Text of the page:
Sanna’s unique artistic style reflects the emotions of this story in the concluding feeling of hope shared of the narrator, who observes the migrating birds. As with Flight , the search for a new home is not resolved. There is hope for the family, but I wonder what I can do for real families in our country that hope to find a safe home. I hope that young readers realize the difficulties and strength of those who do make it. I hope they are sensitive when discussing the refugee situation within the global community.

Title: The Journey Author: Francesca Sanna Publisher: Flying Eye Books ISBN: 9781909263994 Date Published: September 13 2016

This is the fourth installment of November 2017’s My Take/Your Take. To follow these continuing conversations,  check back every Wednesday .

  • Themes : francesca sanna , Janelle Mathis , jessica edwards , Journey
  • Descriptors: Books & Resources , My Take/Your Take

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the journey theme

Every BTS song released by members in 2024 (so far)

B TS songs are known for their catchy tunes and meaningful lyrics, touching on themes such as mental health, fame, youth issues, and the journey towards self-love. Their genuine music has earned them a massive fanbase, making them one of the most popular boy groups in history.

In 2024, the members released solo songs, offering fans unique perspectives from each member.

This article explores songs released by BTS members in 2024.

  • FRI(END)S by V
  • Hope on the Street Vol.1 by J-hope
  • Come Back To Me by RM
  • Never Let Go by Jungkook
  • Smeraldo Garden Marching Band by Jimin ft Loco

1. FRI(END)S by V

On March 15, 2024, BTS V released the single, FRI(END)S , which was co-written by Riley, Connor McDonough, Ori Jose, Melanie Joy, Joel Castillo, Salem Ilese, and Michel Schulz.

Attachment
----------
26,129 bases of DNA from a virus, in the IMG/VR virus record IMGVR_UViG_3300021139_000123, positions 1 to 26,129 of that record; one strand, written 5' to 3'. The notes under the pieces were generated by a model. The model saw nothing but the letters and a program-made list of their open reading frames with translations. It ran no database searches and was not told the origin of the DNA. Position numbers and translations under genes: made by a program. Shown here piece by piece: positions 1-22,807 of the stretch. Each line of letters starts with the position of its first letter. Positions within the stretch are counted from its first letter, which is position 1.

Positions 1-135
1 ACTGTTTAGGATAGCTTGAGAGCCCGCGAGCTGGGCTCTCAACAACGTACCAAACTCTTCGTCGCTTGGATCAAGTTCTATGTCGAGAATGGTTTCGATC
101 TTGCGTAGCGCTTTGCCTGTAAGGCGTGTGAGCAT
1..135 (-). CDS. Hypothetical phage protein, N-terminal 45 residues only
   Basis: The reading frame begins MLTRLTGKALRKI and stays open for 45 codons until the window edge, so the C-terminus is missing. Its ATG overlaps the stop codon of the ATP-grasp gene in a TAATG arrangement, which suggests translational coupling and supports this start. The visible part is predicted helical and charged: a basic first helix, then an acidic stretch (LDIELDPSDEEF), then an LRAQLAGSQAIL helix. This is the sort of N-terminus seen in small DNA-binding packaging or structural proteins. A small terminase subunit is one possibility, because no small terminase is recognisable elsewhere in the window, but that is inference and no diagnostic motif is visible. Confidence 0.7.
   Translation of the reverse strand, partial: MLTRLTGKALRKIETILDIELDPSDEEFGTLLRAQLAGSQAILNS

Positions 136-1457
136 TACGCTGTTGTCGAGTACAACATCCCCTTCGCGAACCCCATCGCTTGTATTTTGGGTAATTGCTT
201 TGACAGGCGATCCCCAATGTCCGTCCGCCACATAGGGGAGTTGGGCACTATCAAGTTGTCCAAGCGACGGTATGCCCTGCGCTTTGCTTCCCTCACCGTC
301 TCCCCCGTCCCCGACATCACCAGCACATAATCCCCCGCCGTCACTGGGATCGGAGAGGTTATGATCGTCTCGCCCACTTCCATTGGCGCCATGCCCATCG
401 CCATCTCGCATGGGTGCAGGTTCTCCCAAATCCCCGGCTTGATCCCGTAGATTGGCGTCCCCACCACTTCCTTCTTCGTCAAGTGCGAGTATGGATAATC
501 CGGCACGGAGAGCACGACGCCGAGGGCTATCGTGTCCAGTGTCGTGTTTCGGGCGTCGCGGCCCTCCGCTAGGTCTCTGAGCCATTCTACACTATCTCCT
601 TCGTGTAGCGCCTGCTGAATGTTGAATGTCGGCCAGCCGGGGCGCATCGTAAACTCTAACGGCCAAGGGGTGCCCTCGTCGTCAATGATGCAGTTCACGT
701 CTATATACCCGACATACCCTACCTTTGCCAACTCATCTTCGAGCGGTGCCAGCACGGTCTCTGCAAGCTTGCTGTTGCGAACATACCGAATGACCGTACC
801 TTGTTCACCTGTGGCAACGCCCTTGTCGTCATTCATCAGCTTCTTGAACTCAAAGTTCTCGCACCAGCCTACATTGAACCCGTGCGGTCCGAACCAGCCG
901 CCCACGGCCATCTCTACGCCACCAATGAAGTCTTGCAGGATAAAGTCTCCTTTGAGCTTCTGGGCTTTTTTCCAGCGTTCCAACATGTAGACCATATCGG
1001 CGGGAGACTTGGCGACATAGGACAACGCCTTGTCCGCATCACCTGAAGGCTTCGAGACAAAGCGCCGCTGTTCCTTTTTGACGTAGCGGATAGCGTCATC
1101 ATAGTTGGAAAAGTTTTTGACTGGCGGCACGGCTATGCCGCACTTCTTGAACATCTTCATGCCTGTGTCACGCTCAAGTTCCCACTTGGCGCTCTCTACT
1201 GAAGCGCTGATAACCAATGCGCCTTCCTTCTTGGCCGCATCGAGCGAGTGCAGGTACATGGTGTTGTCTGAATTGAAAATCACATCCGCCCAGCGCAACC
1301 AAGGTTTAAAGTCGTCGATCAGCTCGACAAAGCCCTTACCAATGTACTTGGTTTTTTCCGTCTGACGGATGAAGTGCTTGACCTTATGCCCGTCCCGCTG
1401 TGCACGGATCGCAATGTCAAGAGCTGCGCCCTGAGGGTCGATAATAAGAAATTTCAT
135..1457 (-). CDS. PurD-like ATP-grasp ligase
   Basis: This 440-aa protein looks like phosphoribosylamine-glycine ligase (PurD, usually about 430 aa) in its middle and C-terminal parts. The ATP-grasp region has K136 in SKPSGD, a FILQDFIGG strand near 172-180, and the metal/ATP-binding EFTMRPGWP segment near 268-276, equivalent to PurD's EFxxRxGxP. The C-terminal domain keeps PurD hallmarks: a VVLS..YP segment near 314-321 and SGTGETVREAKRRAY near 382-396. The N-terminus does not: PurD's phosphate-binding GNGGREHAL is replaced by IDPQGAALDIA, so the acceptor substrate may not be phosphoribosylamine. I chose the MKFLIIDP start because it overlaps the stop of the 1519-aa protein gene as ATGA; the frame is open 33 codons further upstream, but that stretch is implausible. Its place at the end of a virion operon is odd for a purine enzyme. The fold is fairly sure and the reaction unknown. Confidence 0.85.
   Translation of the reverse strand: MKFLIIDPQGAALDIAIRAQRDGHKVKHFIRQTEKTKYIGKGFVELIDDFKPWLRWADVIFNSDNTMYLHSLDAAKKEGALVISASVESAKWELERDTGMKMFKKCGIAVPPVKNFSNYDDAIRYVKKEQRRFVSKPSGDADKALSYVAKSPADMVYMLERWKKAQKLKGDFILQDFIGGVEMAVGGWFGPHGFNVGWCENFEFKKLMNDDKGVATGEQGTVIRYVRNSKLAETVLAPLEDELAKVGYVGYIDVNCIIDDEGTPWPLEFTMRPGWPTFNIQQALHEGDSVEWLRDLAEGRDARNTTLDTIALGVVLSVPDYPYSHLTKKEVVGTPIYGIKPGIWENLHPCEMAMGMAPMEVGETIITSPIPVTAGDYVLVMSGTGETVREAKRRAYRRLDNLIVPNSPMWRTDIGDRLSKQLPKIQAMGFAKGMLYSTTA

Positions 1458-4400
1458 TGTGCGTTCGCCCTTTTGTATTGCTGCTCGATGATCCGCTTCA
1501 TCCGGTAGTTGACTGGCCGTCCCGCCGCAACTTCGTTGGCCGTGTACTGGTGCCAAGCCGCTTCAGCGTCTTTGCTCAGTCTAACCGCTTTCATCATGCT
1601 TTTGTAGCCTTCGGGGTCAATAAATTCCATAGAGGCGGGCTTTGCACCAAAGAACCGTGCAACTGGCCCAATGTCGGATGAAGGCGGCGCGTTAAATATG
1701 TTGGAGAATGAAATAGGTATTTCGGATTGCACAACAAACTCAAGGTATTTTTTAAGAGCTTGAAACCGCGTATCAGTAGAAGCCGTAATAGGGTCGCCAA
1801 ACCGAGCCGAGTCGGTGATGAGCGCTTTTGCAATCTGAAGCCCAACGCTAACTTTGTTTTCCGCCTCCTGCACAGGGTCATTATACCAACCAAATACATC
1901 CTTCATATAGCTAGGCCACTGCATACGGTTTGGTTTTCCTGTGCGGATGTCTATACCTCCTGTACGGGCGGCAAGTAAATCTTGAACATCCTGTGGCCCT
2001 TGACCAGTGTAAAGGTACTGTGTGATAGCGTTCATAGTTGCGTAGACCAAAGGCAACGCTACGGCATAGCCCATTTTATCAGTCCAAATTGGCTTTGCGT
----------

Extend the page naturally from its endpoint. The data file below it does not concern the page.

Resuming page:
The BTS song, produced by Riley McDonough and Conor McDonough, talks about the complex friendship between two individuals, in which the guy feels the relationship has grown into something more intense than just a platonic one, and deals with the urge to confess his love to the girl.

FRI(END)S features a blend of pop with R&B that can be felt in its soft rhythm and melody.

The hit track debuted on Spotify with 4,728,233 streams.

2. Hope on the Street Vol.1 by J-hope

Hope on the Street Vol.1 is BTS J-hope's debut EP, which was released on March 29, 2024. This mini album is composed of 6 tracks including On the street, I wonder ft Jungkook, Lock/ Unlock with Nile Rodgers and Benny Blanco , I don't know with Huh Yun-jin Le , What if, and Neuron with Yoon Mi-rae and Gaeko.

The EP also features producers like Pdogg, Benny Blanco, Nile Rodgers and others. The mini album was inspired by J-hope's dance history and was named after J-hope's dance crew in middle school.

The mini album surpassed 160 million streams on Spotify on June 28, 2024.

3. Come Back To Me by RM

Come Back To Me is the lead track off RM's sophomore studio album, Right Place, Wrong Person . The Indie pop song was released on May 10, 2024, under Big Hit Music.

Come Back to Me was written by RM, JNKYRD, Oh Hyuk, San Yawn, and Kuo, and produced by Oh Hyuk. The lyrics focus on love, self-discovery, and societal pressures that lead to feeling left out. Upon release, the BTS song peaked at number 23 on Spotify's global chart, with over 3 million streams.